The legacy of Andy and MayberryPublished 11:00pm Friday, July 6, 2012
The Andy Griffith Show was not part of my growing up years.
Actually, when the show came on television, I was already pretty much grown up and ready to take wings and fly. Now days, it’s called “finding yourself.”
If I had told my mama and daddy that I wanted to go “find myself,” I probably would have found myself on the doorsteps with my Samsonite suitcase packed and ready for the next Greyhound bus out of town.
While Andy and Barney were figuring out who would be the comic lead and who would be the straight man on the show, I was graduating high school and heading off to Troy State College on the much-used Rambler station wagon that Daddy bought for me to commute all the way from Brundidge to Troy. A tag to that is that when I graduated three years later, the station wagon was Daddy’s.
While America tuned into The Andy Griffith Show and Andy, Barney, Opie, Aunt Bee and all the Mayberry gang, I had flown the coop and was changing sheets and scrubbing toilets in guest cabins at Yellowstone National Park for $50 a month.
Daddy said my flight was a good introduction to real life. Mama said it took 10years off hers.
During the relatively long television run of The Andy Griffith Show, I graduated from college, got a teaching job, got married, went back to college to learn what I missed the first go-round, bought a trailer house as a first home and had a baby.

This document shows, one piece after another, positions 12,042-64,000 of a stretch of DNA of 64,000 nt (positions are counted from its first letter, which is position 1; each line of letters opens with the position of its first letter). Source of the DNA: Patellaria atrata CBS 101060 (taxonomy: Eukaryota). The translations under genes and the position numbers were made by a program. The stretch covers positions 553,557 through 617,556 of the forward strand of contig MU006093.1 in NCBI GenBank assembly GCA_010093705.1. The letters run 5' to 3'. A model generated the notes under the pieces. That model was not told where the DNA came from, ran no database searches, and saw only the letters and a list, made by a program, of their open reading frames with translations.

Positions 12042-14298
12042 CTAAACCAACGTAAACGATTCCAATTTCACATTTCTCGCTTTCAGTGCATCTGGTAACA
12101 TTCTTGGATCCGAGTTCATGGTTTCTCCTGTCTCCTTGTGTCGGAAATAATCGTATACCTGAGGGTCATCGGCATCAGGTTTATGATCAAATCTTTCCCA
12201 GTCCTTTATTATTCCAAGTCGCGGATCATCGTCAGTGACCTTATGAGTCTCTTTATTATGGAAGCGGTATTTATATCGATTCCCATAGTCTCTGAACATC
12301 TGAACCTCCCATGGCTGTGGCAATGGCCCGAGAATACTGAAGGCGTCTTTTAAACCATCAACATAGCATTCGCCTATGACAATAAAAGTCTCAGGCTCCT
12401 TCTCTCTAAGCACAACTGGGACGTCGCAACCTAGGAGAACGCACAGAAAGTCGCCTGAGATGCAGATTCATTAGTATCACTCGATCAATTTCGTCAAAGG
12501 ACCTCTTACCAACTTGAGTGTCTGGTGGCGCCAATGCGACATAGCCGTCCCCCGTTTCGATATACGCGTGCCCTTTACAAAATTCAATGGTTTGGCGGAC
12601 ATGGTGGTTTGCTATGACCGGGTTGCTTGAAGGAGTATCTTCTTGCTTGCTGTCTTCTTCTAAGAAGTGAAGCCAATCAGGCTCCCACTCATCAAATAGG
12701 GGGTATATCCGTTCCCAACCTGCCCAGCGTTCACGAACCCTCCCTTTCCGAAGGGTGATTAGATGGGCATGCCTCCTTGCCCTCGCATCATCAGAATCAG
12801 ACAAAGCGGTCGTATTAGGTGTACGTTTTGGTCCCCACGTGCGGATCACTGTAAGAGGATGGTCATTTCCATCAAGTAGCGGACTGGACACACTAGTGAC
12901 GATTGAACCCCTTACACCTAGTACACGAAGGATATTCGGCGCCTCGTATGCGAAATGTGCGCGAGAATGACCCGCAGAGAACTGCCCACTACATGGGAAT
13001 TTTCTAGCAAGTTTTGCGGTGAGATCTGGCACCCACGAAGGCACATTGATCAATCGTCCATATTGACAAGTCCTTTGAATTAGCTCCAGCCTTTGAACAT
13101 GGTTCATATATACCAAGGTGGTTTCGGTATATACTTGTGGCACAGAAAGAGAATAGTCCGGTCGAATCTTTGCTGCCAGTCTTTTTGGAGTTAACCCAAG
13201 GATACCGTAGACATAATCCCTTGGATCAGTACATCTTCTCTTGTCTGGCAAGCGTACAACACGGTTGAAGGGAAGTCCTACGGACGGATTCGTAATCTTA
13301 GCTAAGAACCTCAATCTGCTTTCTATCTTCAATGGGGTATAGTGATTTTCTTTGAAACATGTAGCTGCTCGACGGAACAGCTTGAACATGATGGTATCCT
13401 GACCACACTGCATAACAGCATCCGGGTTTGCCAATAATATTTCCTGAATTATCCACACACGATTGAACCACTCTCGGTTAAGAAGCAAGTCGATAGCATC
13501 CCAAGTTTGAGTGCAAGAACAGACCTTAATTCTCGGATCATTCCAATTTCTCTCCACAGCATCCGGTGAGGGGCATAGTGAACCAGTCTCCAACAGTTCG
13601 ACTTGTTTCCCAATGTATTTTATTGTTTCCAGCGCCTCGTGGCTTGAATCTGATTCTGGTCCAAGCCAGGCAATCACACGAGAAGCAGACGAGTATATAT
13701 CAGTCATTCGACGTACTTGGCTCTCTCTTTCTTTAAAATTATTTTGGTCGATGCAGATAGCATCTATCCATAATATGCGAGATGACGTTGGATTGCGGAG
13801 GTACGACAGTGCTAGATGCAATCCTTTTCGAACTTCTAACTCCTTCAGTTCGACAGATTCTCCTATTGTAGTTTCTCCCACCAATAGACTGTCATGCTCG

All of that I did without the Mayberry influence in my life.
But I didn’t need that vicarious Mayberry experience. I had grown up in Mayberry.
I had grown up at a time when children rode bicycles, chased lightning bugs, made mud pies and jumped rope. I went to the picture show on Saturday afternoons, cut paper dolls from the Sears Roebuck catalog and floated in the river on an inner tube. I picked up pecans for my spending money and licked the bowl when Mama baked a cake.
I slept with the windows open and played outside after dark.
I got a good switching when I needed one or when Mama just wanted to limber up her wrist.
I went to Sunday school every Sunday morning and Daddy read me the funny papers after Sunday dinner.
I could yoyo, spin a top, lasso a calf and drive a tractor. I was excited when the circus came to town and scared to death when the Gypsies came through.
I knew the value of a quarter. I had to pick a whole bucket of blackberries to get one.
I knew “heck” was a cuss word and to always say “thank you” and “please.”
When I went to bed at night, I said my prayers and thanked God for my family and all the good things He had given me.
I did not need to watch Andy Griffith. I lived the show.
Now, that I have reached the Aunt Bee stage and shape of life, I have the time and the inclination to sit down at 9:30 each night and watch The Andy Griffith Show.
I’ve seen every one of the 249 episodes and some of them a dozen times or more.
But most every one of them has a moral lesson to be learned. And Andy is the teacher. Whether it’s a hard life’s lesson he’s teaching Opie or his kind indulgence of Barney, there is something to be learned from the show. As my granny would say, it would be a “dose of good that every young’un ought to take.”
The Mayberry way of life may be a thing of the past but it’s a legacy that Andy Griffith leaves behind. What a way to go.
Jaine Treadwell is features editor of The Messenger. Email her at firstname.lastname@example.org.